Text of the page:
Really appreciate you chiming in! You're a big part of the reason I got my act together with my reholster and slowed it down.

    I hadn't really worked the sitting draw. I may wait until standing to draw if that's an option. Are you ever required to draw and actually fire while seated?

    This isn't something I think of as a strong option for self defense. I feel like seated is where AIWB doing a more slow hidden draw may be a better option. I hadn't thought much about speed. I think i'll look more into this.

    -Cory

  6. #26
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    Quote Originally Posted by YVK View Post
    Personally when drawing from appendix seated, I don't put my hand on a gun until I am fully upright.
    That's not a bad idea no matter where your holster is. The danger is very real even when the holster is on the side.

  7. #27
    Quote Originally Posted by cor_man257 View Post
    Are you ever required to draw and actually fire while seated?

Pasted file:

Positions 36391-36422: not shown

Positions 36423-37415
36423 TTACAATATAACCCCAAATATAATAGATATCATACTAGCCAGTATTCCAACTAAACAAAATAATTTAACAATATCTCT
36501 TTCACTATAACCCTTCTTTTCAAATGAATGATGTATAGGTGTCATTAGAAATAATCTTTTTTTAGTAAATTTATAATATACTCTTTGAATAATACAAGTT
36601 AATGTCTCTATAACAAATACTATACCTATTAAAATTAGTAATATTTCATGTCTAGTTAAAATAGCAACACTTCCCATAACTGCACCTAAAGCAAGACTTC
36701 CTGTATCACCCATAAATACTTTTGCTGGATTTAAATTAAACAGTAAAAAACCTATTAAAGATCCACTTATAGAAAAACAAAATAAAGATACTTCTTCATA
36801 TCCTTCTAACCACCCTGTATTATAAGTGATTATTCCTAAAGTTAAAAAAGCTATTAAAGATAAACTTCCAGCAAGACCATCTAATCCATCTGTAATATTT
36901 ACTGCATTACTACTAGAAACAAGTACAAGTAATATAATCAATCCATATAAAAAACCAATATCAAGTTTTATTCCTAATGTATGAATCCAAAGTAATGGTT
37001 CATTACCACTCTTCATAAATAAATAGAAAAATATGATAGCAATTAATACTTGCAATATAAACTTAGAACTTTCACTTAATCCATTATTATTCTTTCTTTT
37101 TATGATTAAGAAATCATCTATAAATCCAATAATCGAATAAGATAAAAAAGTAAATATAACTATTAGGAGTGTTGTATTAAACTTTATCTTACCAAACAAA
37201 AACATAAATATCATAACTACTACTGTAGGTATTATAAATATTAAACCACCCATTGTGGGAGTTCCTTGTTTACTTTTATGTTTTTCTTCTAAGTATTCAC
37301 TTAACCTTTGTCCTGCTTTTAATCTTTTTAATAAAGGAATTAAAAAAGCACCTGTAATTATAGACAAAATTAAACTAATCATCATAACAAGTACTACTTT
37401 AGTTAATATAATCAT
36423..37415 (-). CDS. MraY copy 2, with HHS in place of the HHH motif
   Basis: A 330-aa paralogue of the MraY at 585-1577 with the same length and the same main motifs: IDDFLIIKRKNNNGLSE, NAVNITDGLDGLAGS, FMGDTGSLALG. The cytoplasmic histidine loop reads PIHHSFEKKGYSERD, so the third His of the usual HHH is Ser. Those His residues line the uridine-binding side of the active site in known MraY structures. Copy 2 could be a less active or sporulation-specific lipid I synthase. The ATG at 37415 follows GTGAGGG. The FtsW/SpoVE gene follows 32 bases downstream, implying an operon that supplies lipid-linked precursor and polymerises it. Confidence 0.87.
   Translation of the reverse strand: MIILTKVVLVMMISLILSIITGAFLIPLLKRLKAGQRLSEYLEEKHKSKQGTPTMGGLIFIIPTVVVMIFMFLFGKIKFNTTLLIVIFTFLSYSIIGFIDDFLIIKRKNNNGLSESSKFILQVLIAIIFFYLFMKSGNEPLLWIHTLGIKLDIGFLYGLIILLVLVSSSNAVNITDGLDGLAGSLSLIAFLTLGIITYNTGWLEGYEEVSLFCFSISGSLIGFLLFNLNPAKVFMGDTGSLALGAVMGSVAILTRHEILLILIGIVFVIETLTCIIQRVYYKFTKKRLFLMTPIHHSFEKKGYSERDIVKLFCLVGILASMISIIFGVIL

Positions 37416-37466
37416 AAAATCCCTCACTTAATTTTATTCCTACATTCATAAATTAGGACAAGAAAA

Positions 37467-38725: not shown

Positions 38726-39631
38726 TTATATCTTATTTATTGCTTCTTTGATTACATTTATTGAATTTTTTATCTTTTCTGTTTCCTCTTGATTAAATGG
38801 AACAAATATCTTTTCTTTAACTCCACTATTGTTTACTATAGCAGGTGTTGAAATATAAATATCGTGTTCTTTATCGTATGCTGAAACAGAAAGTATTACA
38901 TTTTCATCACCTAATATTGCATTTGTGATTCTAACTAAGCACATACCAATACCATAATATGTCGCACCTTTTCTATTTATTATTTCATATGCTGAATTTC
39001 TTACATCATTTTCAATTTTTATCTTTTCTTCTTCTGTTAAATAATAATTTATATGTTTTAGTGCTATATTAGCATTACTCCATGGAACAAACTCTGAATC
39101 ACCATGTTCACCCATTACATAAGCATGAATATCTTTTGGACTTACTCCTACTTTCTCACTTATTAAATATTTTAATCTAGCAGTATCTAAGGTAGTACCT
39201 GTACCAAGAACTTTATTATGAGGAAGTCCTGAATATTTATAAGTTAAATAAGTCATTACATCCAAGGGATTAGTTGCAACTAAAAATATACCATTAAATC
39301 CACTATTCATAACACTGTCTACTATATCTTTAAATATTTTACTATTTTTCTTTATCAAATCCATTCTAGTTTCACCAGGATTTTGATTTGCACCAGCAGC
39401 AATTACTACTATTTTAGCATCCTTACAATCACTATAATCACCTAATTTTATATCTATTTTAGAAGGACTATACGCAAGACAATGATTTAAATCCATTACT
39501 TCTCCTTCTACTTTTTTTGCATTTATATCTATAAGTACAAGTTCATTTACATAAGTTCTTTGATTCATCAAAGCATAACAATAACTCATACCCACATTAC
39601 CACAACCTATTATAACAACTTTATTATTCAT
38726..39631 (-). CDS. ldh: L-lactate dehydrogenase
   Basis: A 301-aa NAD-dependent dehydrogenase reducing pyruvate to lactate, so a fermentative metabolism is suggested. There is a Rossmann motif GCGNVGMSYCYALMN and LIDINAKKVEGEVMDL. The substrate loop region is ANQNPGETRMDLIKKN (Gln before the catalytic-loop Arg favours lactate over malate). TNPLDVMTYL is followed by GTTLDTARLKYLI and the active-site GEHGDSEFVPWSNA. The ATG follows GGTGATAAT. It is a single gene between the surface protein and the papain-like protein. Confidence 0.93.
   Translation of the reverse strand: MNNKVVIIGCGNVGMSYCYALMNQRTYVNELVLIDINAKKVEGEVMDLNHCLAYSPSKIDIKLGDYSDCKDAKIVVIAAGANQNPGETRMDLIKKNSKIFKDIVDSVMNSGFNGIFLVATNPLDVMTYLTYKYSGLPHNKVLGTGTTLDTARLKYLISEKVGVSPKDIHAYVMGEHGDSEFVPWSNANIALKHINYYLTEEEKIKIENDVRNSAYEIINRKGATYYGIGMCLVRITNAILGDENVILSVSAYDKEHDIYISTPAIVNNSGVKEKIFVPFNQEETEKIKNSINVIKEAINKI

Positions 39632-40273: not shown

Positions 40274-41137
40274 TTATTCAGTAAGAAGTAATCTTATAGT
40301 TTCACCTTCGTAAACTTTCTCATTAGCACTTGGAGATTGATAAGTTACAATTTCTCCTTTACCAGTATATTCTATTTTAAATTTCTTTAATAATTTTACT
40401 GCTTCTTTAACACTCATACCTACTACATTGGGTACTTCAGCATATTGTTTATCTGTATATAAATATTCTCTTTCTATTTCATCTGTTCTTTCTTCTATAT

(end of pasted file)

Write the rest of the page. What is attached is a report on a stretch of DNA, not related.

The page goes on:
Nope. Sitting is a higher risk situation, USPSA doesn't DQ you for sweeping your leg when drawing from sitting but they don't require shooting from sitting.

    More so, and tangential to this discussion a bit, but there are stages where you're sitting and gun is loaded on a table in front of you, with all targets available from that position. A lot of folks pick it up and shoot while remaining seated, thinking that this is faster. I don't know of any good shooter who tested it and found that doing it that way gives better hit factors. Most strong shooters learn how to pick it up and get a grip while getting upright, and then crush it.


    Quote Originally Posted by cor_man257 View Post